MOBILE, Ala. (WALA) – An obviously distraught Markeise Kardell Caldwell can be heard fighting back tears as he speaks to a police officer following the death of his then-girlfriend’s baby in May 2018.
“I hurt my baby,” he said off camera in police body camera footage played for the jury in Caldwell’s capital murder trial.
Prosecutors used their opening statement to portray the defendant as a violent man who severely beat 4-month-old Kendrick Cole and then tried to cover it up. Mobile County Assistant District Attorney Louis Walker told jurors that the defendant beat the child on May 3, 2018 at the Azalea Point Apartments while the baby’s mother was at work.
Caldwell, 29, did not seek medical treatment, Walker said. He added that it was not until three days later that the boy was taken to Providence Hospital. He said the child died in a helicopter that took him to the University of South Alabama’s University Hospital.
“Caldwell hit him, hit this 4-month-old child repeatedly and slammed him against the footboard of a bed several times,” Walker said.
Defense attorney Bucky Thomas countered in his opening statement that his client is not “this horrible killer that the state is trying to make you believe,” but a man suffering from schizophrenia and post-traumatic stress disorder who suffered from a 2014 robbery and shooting. was caused. He said prosecutors were unable to prove their case that Caldwell intended to kill the baby.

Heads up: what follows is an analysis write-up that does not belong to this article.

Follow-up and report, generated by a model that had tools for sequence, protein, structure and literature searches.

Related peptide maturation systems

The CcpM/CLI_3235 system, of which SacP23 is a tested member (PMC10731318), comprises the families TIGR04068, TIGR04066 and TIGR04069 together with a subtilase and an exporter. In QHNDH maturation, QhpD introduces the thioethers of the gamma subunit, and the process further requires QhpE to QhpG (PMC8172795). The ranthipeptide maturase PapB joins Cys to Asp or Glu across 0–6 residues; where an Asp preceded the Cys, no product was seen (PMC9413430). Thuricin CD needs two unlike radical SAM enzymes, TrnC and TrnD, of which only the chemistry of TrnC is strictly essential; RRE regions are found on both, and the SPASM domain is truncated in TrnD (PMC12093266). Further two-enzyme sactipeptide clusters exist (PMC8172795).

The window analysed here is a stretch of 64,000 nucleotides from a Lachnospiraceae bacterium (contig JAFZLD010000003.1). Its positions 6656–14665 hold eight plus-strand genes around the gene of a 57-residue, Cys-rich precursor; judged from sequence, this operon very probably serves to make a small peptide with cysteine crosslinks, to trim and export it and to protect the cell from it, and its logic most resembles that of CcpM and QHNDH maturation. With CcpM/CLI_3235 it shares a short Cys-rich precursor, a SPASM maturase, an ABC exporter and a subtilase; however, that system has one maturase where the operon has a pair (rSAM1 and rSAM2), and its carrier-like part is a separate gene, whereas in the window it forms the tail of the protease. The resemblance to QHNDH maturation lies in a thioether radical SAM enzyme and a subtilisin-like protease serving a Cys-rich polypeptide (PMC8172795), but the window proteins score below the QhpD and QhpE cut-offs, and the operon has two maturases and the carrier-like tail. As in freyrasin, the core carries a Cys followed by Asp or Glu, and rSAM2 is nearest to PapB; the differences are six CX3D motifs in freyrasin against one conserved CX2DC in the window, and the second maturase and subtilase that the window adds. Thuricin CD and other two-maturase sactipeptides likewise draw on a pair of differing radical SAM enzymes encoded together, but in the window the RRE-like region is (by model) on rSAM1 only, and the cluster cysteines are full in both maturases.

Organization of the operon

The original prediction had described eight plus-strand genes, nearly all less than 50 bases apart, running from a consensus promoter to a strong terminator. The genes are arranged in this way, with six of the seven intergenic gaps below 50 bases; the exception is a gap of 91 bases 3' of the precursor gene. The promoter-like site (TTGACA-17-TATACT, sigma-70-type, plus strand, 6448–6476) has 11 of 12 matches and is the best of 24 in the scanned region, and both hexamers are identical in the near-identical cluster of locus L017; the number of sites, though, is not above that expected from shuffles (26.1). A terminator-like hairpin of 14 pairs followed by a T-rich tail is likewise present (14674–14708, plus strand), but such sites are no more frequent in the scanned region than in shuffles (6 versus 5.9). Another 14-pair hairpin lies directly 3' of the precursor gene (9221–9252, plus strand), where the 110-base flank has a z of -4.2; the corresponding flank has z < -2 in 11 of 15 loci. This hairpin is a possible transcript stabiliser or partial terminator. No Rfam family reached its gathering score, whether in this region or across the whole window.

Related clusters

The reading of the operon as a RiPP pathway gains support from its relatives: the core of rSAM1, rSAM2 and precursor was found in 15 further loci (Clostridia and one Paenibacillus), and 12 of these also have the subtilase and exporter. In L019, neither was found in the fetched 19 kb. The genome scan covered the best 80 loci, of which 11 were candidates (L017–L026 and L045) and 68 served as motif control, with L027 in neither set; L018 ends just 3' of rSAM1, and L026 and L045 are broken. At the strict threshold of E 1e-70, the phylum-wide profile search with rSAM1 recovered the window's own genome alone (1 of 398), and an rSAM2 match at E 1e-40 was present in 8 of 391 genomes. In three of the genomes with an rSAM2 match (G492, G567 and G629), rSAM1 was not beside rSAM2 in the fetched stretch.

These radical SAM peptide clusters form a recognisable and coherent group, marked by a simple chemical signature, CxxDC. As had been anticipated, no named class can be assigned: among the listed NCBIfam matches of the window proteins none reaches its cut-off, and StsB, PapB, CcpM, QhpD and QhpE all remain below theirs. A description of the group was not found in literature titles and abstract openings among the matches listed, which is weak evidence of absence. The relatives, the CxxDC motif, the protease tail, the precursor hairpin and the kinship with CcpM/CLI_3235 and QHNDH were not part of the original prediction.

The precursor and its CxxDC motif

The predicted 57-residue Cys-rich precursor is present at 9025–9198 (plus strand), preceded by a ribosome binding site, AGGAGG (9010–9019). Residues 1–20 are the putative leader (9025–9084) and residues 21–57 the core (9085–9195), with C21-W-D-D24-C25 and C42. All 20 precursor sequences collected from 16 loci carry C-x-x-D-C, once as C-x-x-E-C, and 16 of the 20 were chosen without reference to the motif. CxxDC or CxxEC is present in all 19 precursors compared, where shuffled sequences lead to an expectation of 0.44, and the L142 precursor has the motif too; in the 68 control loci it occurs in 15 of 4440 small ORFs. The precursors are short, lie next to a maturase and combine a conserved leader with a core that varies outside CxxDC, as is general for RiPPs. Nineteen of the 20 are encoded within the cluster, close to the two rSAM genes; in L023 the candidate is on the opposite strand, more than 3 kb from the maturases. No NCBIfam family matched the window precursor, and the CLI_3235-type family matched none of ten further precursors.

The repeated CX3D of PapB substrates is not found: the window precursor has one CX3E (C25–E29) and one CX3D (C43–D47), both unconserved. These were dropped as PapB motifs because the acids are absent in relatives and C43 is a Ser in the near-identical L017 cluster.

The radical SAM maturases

“It’s not going to give you any evidence that he woke up and decided, ‘I’m going to kill that kid,'” he said.
Thomas told jurors to scrutinize the client’s demeanor when they watch a video of the police interrogation.
“He’s frantic when he talks to detectives,” he said.
At one point, Thomas said, Caldwell told investigators, “The demons were chasing me.”
After a week, prosecutors and defense attorneys on Monday finally selected a jury to hear the first death penalty case in Mobile County since the COVID-19 pandemic. The jury of nine men and seven women includes four deputies.
Walker told jurors they would hear evidence that Kendrick’s older brother, Kendall, was also abused.
Walker said jurors saw a text message Caldwell sent the boys’ mother telling her Kendrick had fallen off the bed and hit his head. The defendant gave police a similar version of events on May 3, 2018, telling them Kendall pushed his brother off the bed.
Later, Walker said, Caldwell changed his story and confessed. An autopsy revealed the baby had a skull fracture, prosecutors said.
“He was repeatedly beaten by a grown man,” he said. “The defendant repeatedly slammed him against the floor of a bed.”
Testimony continues on Tuesday.
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